For most of her career, Tina Fey has been a sure thing. Her production company, Little Stranger, is responsible for both TV hits 30 Rock and The Unbreakable Kimmy Schmidt. Now, it’s not like Fey is fronting the entire budget for her films and shows from her own pocket, but producers are often on the hook for whatever the studios don’t pick up. There’s also a significant amount of lost revenues in failed films as well. That’s why the film Whiskey Tango Foxtrot, which Fey co-produced with Lorne Michaels, was such a disaster. Even though the budget was kept small, under $50 million after everything, the film was unable to break even, earning less than half of that budget back.

10. James Franco – Classics Trilogy

James Franco has eclectic tastes, that much we know. When he took on two of the literary world’s greatest, William Faulker’s As I Lay Dying and Sound and the Fury and Cormac McCarthy’s Child of God, many people had their doubts. After all, if the greatest screenwriters and directors in the world struggle so mightily in adapting literary genius to film, how the hell would James friggin’ Franco do it? Well, first came the financing issues. Franco learned just how hard it is to get film funding for anything, let alone three consecutive adaptations like these. Franco would invest some of his own money into the pile. Now, none of these films were colossal disasters, but none of them made much money either. This is probably why Franco has now resorted to crowdfunding for the financing of his new films. After all, rich people don’t stay rich by losing their own money.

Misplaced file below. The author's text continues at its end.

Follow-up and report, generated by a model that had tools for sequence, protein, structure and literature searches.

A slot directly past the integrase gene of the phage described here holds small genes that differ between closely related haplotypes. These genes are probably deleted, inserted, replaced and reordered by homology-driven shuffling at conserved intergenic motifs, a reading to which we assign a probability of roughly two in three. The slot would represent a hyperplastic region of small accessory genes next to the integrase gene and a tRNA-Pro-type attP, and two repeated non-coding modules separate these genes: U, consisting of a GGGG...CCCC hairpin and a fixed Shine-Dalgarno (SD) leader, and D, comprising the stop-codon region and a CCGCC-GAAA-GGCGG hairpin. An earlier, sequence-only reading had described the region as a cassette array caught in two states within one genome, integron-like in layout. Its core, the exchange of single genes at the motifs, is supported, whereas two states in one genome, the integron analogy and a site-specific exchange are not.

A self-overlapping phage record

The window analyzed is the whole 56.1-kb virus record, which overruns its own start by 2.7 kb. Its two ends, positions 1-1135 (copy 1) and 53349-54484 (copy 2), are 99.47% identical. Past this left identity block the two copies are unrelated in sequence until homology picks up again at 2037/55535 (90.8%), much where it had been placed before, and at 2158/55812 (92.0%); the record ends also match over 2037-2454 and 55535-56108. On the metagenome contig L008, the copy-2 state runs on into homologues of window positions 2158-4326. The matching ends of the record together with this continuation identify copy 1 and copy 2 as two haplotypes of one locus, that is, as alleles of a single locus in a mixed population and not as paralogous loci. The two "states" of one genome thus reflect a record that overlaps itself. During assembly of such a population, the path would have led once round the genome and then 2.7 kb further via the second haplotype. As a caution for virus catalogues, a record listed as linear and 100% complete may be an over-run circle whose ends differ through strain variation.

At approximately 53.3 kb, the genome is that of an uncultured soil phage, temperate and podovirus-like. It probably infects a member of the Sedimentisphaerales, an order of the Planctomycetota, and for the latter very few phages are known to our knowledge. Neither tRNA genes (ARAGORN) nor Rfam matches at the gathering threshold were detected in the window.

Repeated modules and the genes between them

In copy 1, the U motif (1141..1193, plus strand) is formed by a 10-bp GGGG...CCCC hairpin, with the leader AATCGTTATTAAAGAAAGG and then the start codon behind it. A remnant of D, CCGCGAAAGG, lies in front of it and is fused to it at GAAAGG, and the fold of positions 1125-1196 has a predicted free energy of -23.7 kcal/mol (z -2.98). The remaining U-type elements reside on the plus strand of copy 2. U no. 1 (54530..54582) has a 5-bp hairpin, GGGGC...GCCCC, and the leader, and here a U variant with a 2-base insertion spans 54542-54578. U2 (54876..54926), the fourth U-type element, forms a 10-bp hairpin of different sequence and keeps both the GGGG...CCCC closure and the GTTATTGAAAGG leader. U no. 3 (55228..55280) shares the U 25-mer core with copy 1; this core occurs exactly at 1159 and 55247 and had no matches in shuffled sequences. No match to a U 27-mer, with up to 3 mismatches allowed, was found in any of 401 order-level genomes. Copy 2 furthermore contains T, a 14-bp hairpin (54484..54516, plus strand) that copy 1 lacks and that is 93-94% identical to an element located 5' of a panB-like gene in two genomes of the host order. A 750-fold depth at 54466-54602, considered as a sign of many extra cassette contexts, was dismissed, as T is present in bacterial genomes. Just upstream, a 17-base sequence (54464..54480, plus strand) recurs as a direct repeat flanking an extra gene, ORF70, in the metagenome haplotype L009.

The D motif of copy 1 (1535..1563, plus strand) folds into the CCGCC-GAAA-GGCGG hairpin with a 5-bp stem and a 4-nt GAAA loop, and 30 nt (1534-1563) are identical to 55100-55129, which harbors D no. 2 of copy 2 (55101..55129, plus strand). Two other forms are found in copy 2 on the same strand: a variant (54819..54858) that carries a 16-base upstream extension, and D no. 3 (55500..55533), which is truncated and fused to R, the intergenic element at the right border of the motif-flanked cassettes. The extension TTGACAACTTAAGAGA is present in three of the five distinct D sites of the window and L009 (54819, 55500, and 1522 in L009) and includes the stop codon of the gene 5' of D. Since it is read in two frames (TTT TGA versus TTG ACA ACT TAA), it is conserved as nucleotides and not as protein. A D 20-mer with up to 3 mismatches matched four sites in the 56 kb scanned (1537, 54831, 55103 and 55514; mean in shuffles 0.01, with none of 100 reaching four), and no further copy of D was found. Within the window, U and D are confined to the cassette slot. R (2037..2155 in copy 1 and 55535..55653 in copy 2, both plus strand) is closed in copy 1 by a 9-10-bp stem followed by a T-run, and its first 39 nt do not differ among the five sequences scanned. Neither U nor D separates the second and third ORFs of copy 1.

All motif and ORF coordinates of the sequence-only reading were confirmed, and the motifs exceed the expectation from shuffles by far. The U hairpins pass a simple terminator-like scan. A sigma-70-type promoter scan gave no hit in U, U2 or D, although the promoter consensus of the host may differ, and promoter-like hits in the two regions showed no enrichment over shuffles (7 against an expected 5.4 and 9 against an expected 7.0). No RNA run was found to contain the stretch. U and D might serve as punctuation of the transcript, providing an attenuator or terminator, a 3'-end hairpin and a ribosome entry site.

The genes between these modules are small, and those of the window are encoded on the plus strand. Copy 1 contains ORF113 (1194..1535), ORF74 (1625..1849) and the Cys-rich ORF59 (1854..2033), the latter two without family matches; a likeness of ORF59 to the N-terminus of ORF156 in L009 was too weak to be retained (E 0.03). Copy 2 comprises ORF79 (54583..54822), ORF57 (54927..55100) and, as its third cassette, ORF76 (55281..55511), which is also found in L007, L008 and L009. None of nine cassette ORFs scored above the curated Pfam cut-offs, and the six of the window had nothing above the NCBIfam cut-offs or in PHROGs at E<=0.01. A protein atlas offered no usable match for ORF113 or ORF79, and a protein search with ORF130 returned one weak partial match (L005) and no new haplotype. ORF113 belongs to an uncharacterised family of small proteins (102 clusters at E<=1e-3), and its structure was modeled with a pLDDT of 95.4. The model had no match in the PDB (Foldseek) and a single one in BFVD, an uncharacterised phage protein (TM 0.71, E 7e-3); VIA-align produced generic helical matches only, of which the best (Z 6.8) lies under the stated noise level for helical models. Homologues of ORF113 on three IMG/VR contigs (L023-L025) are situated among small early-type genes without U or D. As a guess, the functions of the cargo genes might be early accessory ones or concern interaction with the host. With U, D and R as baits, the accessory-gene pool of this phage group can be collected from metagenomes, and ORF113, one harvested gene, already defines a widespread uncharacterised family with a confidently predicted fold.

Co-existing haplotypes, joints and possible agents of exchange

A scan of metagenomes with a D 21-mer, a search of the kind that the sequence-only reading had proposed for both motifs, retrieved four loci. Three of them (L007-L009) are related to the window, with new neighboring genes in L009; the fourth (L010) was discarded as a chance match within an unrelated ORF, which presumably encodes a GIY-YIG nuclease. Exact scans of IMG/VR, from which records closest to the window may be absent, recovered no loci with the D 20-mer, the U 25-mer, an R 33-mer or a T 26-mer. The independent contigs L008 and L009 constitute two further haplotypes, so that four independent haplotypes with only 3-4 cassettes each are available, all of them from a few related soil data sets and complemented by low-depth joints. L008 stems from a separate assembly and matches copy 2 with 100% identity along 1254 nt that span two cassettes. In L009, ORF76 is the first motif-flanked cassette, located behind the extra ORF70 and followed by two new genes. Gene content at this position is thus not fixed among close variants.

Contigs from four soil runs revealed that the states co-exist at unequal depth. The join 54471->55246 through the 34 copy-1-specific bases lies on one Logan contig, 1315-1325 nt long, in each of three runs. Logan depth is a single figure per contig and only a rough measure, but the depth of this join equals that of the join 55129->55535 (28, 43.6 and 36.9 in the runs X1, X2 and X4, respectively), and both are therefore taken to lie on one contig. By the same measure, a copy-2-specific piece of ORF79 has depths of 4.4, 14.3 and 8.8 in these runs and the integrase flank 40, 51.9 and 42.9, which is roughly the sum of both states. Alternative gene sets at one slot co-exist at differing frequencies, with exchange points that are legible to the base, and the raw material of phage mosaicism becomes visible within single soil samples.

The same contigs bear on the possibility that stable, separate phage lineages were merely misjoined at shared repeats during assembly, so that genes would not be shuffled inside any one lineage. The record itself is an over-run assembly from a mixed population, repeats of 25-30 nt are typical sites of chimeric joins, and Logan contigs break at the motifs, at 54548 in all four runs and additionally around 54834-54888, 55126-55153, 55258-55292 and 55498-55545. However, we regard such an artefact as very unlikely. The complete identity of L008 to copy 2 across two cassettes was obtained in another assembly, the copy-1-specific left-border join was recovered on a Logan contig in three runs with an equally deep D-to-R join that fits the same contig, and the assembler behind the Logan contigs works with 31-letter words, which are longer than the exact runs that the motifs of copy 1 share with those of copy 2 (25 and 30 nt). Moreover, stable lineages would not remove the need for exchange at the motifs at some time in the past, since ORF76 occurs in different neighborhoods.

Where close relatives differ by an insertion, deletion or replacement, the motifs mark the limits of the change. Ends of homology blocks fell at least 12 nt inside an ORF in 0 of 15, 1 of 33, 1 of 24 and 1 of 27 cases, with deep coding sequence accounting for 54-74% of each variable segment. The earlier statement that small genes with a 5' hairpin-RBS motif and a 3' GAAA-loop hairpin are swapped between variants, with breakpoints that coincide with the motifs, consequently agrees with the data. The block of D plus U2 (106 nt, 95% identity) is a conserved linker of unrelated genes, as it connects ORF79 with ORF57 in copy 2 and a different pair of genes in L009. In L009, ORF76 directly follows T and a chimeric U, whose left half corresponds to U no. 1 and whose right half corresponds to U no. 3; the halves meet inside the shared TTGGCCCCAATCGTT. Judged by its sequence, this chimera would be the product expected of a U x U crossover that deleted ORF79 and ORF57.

9. Will Smith – After Earth

When you look at the box office numbers for After Earth, it appears that the film did fairly well. But after all the costs are included and considered, the film actually lost a lot of money. The marketing budget alone was more than $100 million. That’s on top of the nearly $150 filming budget. Now, we’re not suggesting that Will Smith fronted any of this money, but his production company, Overbrook Entertainment, were on the hook for the film. Overall, the film was a disaster both financially and critically. Perhaps the worst of all is that is was a family affair for the Smiths, as Jaden Smith starred in the film as well. There’s also the film’s heavy Scientology themes, which made it seem like it was a pet project for Smith and nothing more.